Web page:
What can Anushka, Amitabh Bachchan, Akkineni Nagarjuna and 19 others in the film industry in seven Indian languages have in common apart from the fact that they are all celebrities, being tinsel town stars?
A step further, how does one account for actor and animal rights activist Amala Akkineni too, throw in her hat to help a Stanford University lecturer in a social awareness project?
It actually does not end here. Even the Dalai Lama has expressed his support in the form of blessings.
All this support is for TeachAIDS India Trust, a voluntary agency founded by Indian American social activist and Stanford lecturer Dr. Piya Sorcar, daughter of the legendary magician P.C. Sorcar. It is the Indian version of TeachAIDS, a social venture that was spun out of Stanford University, officially in the year 2009, started six years ago.
In what is undoubtedly a first, a set of animation content created in seven Indian languages and 12 chapters was released nationally here, on the eve of the World AIDS Day.
Considering the alarm over the prevalence rate and havoc it has been wreaking across the globe, she took up the project to prepare digital content to spread awareness among people about the dreaded HIV-AIDS.
The India was in focus because the country was becoming the second ‘hot spot’ for the virus after the Africa continent.
Even before the actual recording of the voices was taken up, a dedicated team of social activists, who volunteered and consulting experts in different fields delved into reports of the prevalence of AIDS, including animation, sound recording, mixing and the like.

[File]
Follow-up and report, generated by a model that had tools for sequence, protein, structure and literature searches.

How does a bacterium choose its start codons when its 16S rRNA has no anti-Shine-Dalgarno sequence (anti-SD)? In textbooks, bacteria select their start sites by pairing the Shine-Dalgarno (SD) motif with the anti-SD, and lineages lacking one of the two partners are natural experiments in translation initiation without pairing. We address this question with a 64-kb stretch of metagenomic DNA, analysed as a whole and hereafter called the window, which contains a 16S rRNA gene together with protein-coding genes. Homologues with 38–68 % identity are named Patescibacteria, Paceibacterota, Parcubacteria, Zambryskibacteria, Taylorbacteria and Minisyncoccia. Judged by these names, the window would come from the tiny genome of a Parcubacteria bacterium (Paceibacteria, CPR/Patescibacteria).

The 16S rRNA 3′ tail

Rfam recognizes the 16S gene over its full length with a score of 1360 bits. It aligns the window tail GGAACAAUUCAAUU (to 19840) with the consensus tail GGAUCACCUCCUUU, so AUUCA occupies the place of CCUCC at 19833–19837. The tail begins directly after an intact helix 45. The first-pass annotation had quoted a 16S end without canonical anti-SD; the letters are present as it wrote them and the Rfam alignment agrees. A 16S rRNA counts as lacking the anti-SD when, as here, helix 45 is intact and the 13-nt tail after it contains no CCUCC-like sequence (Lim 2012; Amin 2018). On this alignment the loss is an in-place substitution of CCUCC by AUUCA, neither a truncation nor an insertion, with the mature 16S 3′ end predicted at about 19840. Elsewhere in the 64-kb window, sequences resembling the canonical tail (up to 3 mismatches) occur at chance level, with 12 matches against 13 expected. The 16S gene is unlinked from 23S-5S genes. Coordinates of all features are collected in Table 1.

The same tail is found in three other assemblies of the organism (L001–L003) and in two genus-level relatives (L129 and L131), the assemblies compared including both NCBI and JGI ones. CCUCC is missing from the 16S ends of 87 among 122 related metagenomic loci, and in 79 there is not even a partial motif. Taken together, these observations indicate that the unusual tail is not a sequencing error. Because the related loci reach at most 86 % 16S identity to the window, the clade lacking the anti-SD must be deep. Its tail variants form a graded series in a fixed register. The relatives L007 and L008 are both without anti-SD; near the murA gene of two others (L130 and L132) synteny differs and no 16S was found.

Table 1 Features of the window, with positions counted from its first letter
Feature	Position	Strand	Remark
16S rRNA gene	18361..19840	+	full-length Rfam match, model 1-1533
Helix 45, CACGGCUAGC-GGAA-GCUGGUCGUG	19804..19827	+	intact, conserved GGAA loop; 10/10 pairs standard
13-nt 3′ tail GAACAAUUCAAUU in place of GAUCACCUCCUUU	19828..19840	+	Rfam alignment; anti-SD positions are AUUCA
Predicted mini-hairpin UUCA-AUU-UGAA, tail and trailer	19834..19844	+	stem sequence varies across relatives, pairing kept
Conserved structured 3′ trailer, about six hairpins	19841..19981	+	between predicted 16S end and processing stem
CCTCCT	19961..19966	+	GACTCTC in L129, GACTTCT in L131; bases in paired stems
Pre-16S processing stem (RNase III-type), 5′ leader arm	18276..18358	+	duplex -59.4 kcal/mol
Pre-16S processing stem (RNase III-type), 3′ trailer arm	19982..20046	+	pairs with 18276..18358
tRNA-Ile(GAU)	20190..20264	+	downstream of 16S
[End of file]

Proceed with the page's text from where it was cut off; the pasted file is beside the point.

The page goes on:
“The fact that millions of dollars were being spent on printed material, including pamphlets and booklets were not having the desired effect was what made us choose the animation medium,” she said.
Nudge her about how she could rope in the actors and ignite the passion to lend their voice to help a social cause, she smiles modestly and looks at Ms. Akkineni, sitting in the room.
The actor also dons the hat of an active anti-AIDS crusader and has taken on the role of Trustee for TeachAIDS India.
Interestingly, it is not as it is about AIDS as is found in the name, but it expands as Teaching Aids, as in teaching tools.
“It actually expands as ‘Teaching Aids’ and now that this project is over, it is time to go to the next, but I will take a break before I move on to the next,” she said.
And what could the next be ? “We could zero in on climate change, about nutrition levels or any other subject depending upon its relevance and seriousness at that point in time, to society,” Dr. Piya said, signing off.